Difficult cases: Communist morality, gender and embodiment in Thaw cinema


Type
Article
Change log
Authors
Abstract

The article explores cinematic sensibility in Larisa Shepit'ko’s Wings (Kryl’ia, 1966) and Dinara Asanova’s Rudolfio (1966) within the broader context of the Thaw cinema and Communist morality. Both films became ‘gender trouble’ for the audience and censors, and were considered controversial by their contemporaries. The aim of the article is to explore how women filmmakers used the aesthetic pluralism of the Thaw to embed a critique of the standards of Communist morality. The article begins by analysing Communist morality and its reconfigurations during the Thaw. It claims that Shepit'ko and Asanova revealed non-normative experiences of womanhood and girlhood as complex, yet legitimate. Drawing on recent theories of ‘haptic’ in cinema, special attention is paid to the aesthetic strategies used by the filmmakers to encourage an embodied connection between the spectator and the film. The foregrounding of this connection can lead to a better understanding of the interrelation between the aesthetics of the film, the politics of emotions and gender/sexual norms in the Soviet society.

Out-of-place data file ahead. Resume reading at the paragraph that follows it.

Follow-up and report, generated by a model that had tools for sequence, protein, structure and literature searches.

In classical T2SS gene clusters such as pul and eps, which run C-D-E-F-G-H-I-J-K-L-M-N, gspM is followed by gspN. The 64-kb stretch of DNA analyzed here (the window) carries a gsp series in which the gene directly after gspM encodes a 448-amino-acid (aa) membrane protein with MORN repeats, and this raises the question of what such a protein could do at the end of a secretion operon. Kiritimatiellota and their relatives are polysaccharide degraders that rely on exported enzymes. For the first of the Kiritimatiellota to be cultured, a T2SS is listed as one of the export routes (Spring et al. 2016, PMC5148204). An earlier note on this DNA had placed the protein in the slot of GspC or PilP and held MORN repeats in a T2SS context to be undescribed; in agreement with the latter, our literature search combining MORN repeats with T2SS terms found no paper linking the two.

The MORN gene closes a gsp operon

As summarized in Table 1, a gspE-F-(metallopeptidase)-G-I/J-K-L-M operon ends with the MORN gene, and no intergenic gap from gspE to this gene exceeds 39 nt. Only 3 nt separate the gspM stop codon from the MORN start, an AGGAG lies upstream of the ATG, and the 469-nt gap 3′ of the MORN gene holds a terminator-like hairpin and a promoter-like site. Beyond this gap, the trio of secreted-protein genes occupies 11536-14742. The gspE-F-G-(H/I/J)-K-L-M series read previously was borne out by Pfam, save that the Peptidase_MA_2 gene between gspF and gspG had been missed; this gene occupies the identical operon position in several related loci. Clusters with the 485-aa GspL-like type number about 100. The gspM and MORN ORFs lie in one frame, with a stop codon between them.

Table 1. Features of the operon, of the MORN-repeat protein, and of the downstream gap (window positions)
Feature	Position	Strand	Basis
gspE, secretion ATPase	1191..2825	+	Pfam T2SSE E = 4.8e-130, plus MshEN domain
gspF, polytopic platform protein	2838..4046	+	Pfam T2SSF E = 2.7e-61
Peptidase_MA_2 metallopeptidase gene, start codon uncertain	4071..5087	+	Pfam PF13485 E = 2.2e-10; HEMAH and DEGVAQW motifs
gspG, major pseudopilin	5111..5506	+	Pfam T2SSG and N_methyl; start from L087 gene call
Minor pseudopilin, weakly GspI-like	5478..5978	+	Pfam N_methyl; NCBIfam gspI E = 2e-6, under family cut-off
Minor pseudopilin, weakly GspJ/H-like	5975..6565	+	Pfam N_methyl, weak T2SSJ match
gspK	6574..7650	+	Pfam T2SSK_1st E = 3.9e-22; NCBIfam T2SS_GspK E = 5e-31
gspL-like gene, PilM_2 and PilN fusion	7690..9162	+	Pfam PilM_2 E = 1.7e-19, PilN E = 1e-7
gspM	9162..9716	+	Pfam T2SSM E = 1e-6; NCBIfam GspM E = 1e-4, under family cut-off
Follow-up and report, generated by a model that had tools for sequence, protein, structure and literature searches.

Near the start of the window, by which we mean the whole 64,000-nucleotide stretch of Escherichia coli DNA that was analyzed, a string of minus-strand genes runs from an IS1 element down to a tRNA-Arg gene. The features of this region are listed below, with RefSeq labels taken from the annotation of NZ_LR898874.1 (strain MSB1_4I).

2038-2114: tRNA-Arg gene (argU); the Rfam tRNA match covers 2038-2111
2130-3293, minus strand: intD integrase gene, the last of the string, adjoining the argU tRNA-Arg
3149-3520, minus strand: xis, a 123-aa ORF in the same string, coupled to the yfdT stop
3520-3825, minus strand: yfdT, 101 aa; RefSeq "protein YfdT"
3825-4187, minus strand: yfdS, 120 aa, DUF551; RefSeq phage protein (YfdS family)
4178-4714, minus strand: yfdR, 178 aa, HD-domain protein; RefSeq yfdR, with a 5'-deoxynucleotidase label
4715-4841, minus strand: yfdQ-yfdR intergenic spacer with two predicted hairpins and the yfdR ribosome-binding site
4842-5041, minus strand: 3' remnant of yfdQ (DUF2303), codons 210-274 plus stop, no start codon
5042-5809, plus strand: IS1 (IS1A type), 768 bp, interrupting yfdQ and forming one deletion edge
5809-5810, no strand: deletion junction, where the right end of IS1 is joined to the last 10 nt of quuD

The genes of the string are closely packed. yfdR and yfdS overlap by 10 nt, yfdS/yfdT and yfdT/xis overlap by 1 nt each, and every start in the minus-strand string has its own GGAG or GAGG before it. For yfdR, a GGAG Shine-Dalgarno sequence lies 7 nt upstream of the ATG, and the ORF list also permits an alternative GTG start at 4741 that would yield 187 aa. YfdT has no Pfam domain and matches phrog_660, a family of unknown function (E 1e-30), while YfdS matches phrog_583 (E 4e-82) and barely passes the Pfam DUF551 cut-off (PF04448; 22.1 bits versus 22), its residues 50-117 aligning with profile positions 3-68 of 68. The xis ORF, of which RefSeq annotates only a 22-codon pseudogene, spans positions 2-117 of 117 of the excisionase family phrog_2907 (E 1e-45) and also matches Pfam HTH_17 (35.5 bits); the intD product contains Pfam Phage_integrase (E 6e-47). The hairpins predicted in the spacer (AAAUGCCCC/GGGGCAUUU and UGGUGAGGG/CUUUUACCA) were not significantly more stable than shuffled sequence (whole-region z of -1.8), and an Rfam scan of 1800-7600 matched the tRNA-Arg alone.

Description
Keywords
36 Creative Arts and Writing, 3605 Screen and Digital Media
Journal Title
STUDIES IN RUSSIAN AND SOVIET CINEMA
Conference Name
Journal ISSN
1750-3132
1750-3140
Volume Title
11
Publisher
Informa UK Limited